However, as most business lawyers will tell you, there is a grey area between the two that requires factual investigation and can often lead to litigation. The difficult part of distinguishing between the two relationships is that even if you have an independent contractor contractual relationship, the court can still determine that it is an agent. In other words, calling someone an independent contractor in a written document is not necessarily a clear case. The factual nature of control within the relationship is a primary consideration. The court will look at all kinds of facts about the relationship and who controls what. In this chapter, we look at the main-agent side of the triangle. In the next chapter, we will discuss relationships between third parties. However, the existence of agents does not require an entirely new law on tortious or contractual liability. An offence is no less harmful when committed by an officer; A contract is no less binding when it is negotiated by an agent. What needs to be taken into account, however, is how an agent acts on behalf of his or her principal and vis-à-vis a third party. When a patient goes to the hospital for treatment, a “estoppel agency” may occur. The crucial question is whether the patient goes to the hospital for treatment.
Id. If a patient “. to rely solely on the hospital for its treatment and to rely on the hospital and to have been treated by medical personnel regulated and authorized by the hospital to provide medical services in its emergency room and because such staff have been placed by the hospital in an obvious position of authority to act on behalf of the hospital, the hospital is prevented from denying any responsibility for the alleged negligence of its alleged agents. Admittedly, members of the public who use the emergency services of a hospital in those circumstances have the right to expect competent medical treatment from medical staff who, through the conduct of the hospital, which reasonably leads the public to believe that the medical treatment is provided by doctors acting on behalf of the hospital. and not under their respective personal responsibility. Therefore, the hospital must be held liable for the negligence of its licensed emergency physician, whether or not it is an independent contractor, through secret restrictions contained in a private contract between the hospital and the physician, or due to any other business relationship unknown to the patient and in violation of the hospital`s conduct and insurance. “Id. at 282-283. Agencies created by consent – agreement – are not necessarily contractually binding. It is not uncommon for one person to act as an agent for another person without consideration. For example, Abe asks Byron to run errands for him: buy wood from his account at the local lumber yard.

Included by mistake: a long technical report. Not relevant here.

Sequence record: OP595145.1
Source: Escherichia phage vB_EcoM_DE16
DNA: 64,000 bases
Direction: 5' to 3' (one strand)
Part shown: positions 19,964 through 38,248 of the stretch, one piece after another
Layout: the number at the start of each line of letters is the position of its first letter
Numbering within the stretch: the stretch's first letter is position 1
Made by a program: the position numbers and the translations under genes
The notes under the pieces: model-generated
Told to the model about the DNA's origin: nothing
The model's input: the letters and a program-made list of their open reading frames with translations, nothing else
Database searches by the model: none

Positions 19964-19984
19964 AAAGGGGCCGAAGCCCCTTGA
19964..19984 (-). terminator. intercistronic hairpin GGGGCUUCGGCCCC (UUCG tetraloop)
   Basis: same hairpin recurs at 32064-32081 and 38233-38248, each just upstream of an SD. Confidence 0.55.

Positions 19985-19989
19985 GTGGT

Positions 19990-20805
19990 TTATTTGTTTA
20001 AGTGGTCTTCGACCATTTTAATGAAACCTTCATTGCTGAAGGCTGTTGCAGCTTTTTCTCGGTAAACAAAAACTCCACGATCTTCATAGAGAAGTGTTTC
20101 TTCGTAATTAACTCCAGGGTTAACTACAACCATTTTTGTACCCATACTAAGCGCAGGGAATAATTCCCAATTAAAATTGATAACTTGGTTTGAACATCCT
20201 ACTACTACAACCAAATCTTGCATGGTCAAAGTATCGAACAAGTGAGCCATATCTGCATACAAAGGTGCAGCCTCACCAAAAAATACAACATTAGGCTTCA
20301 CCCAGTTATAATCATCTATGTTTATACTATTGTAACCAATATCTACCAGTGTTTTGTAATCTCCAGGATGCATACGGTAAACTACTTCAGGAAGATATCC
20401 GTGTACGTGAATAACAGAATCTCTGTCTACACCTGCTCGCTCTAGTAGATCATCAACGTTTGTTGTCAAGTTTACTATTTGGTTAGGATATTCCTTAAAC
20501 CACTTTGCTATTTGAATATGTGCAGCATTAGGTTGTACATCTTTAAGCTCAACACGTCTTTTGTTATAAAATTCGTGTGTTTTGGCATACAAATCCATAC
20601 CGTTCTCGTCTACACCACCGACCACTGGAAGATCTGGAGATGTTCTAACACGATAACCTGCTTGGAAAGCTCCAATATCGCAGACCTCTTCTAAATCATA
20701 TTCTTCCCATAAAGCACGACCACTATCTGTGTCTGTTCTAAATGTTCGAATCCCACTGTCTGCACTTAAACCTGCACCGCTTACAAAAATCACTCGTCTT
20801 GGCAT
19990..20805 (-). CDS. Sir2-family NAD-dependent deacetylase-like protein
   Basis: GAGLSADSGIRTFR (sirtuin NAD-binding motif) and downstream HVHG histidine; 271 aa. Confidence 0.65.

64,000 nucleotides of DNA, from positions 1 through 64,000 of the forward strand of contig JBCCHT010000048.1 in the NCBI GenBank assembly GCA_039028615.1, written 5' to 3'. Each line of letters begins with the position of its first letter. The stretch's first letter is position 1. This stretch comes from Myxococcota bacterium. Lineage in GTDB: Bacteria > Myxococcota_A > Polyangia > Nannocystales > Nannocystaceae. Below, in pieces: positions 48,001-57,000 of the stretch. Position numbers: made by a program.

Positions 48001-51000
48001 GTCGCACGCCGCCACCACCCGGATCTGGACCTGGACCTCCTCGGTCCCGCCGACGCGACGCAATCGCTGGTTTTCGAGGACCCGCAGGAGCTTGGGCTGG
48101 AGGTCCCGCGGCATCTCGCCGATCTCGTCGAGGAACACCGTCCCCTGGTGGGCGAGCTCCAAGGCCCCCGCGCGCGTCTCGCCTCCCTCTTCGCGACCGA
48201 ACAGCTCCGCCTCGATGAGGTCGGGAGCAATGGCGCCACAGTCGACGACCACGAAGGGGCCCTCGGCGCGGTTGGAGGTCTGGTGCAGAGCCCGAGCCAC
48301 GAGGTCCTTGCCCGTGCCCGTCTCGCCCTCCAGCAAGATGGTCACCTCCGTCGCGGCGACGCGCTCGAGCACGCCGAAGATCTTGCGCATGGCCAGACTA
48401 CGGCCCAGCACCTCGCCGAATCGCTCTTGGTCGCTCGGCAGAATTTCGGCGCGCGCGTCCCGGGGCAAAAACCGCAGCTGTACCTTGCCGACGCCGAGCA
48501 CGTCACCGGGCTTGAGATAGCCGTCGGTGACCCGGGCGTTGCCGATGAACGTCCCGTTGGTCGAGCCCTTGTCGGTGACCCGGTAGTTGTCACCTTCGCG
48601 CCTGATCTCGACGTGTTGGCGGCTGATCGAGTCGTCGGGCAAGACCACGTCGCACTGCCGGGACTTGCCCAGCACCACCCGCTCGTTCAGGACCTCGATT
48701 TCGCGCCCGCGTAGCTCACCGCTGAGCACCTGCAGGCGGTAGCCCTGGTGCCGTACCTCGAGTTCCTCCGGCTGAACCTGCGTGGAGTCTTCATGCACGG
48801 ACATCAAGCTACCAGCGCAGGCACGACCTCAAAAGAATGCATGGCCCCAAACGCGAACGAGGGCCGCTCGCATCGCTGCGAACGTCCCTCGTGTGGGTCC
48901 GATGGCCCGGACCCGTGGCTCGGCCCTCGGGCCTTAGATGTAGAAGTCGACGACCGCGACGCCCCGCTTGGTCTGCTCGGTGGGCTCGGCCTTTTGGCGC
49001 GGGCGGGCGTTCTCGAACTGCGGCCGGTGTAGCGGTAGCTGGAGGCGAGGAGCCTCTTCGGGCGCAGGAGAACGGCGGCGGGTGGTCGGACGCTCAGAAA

Such a free agencyAn agency where the agent does not receive compensation. does not produce any results other than the most common contract agency. The employees you hire and who work under your command fall into the category of agents. Interrupted assistance for temporary or recurring tasks may fall into the category of independent contractors. Essentially, a court will pay attention to the extent of control you exercise over the person you hire to determine whether the person you hire is a contractor or an independent agent. If you outsource a job to another company or someone who specializes in that industry or task, that person hiring will most likely be considered an independent contractor, especially if you leave that person with a high degree of discretion. If you regularly hire someone or let them work under your control with less discretion, the courts will likely believe that these people are agents. For someone to be an agent, there must be actions that show the control needed to make someone an agent.
Without sufficient control, they are instead classified as an independent contractor. The main difference between an agency and an independent contractor is that the client is not responsible for the actions of the independent contractor, but can very well be held responsible for the actions of a representative. .